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Apartment Owners Beware!

Under the Fair Housing Act (“FHA”), it is unlawful to “discriminate against any person in the terms, conditions, or privileges of sale or rental of a dwelling, or in the provision of services or facilities in connection therewith, because of . . . sex.” 42 U.S.C. 3604(b). This means that the FHA protects a prospective tenant or homebuyer from receiving different or less favorable treatment in housing terms, conditions, or privileges based on their sex. Until recently, it was unclear whether sexual harassment qualifies as sex discrimination under the FHA.

In Fox v. Gaines, No. 20-12620 (11th  Cir. July 16, 2021), the Eleventh Circuit Court of Appeals definitively concluded that a property owner or landlord could be sued under the FHA for sexual harassment. In Fox, a property manager of an apartment made several sexual advances towards a tenant. First, when the tenant applied to live in the apartment, the property manager commented on her looks. The property manager then told the tenant that he would only hold the unit for the tenant if she kissed him. When the tenant picked up the keys to the apartment, the property manager reminded the tenant about the kiss, and the tenant kissed the property manager. Subsequently, when the tenant failed to pay the full amount of the monthly rent, the property manager offered to exchange sexual favors for a reduced rent. Ultimately, when the tenant ended the relationship with the property manager, she was evicted shortly thereafter for failing to timely pay the rent.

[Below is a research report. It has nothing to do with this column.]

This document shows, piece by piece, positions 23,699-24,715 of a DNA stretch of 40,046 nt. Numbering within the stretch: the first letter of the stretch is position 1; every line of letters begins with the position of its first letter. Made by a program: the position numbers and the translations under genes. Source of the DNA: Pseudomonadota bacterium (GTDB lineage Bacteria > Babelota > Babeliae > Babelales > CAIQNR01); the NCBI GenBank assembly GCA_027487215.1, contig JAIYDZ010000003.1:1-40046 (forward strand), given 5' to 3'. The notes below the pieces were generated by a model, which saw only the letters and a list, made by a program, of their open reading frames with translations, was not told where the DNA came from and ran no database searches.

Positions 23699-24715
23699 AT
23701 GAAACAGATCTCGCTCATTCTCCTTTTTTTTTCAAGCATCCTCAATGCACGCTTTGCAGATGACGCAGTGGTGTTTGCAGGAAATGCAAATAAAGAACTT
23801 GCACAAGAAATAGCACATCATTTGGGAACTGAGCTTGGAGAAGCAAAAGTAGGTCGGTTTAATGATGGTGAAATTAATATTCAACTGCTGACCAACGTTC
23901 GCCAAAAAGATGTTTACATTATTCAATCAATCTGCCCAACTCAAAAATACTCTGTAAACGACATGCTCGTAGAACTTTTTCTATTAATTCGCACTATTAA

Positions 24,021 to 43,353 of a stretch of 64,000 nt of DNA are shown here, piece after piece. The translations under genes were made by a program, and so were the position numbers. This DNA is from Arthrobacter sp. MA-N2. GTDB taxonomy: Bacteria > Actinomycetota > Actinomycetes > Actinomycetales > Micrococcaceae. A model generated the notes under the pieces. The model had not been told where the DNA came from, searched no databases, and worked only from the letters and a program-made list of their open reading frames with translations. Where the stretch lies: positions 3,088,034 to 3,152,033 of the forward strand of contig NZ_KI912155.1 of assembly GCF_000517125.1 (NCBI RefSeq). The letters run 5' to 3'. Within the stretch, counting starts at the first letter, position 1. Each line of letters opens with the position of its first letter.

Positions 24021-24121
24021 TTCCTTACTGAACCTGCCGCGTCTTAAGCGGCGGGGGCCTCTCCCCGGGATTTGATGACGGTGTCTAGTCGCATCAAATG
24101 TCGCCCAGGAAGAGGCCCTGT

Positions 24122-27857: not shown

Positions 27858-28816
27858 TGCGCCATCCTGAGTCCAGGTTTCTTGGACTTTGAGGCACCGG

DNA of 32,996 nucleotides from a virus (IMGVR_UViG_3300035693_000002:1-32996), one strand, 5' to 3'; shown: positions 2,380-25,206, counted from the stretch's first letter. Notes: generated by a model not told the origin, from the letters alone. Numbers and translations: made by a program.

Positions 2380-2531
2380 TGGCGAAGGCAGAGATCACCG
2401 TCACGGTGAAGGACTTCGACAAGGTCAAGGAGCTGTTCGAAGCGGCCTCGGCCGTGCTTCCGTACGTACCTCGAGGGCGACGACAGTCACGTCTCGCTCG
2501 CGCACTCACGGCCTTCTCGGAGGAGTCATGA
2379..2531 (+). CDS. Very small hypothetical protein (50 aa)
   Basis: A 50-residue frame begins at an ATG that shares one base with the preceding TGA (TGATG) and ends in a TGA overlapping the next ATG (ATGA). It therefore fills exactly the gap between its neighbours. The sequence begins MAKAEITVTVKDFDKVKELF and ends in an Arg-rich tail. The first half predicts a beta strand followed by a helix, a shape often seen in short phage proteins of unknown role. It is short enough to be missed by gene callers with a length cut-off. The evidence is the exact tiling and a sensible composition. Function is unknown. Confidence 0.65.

The tenant sued the property owner and the property manager for violations of the FHA and alleged that the sexual harassment constituted discrimination on the basis of sex. The trial court dismissed the case, finding that it was unclear whether the tenant’s claims of sexual harassment were viable under the FHA. However, the Eleventh Circuit Court of Appeals reversed the trial court’s dismissal; holding that the property owner’s and property manager’s sexual harassment in the form of creating hostile a housing environment and quid pro quo sexual harassment, were actionable.

What can property owners do to prevent sexual harassment from occurring between their tenants and property managers? For starters, property owners should vet their property managers and conduct a background check.  A property owner should exercise some level of vigilance over the property manager including keeping track of the amount of rent that is being collected to assure that the full amount (including late fees) is paid. Moreover, property owners should implement some level of manager training and a written sexual harassment policy and clearly convey that policy to the property manager and tenant(s).  While each of the foregoing recommendations would undoubtedly help in reducing the risk and likelihood of property manager misconduct, including harassment,  providing a clear line of communication between the property owner and the tenant would also have helped to possibly prevent the sexual harassment that occurred in the Fox case.

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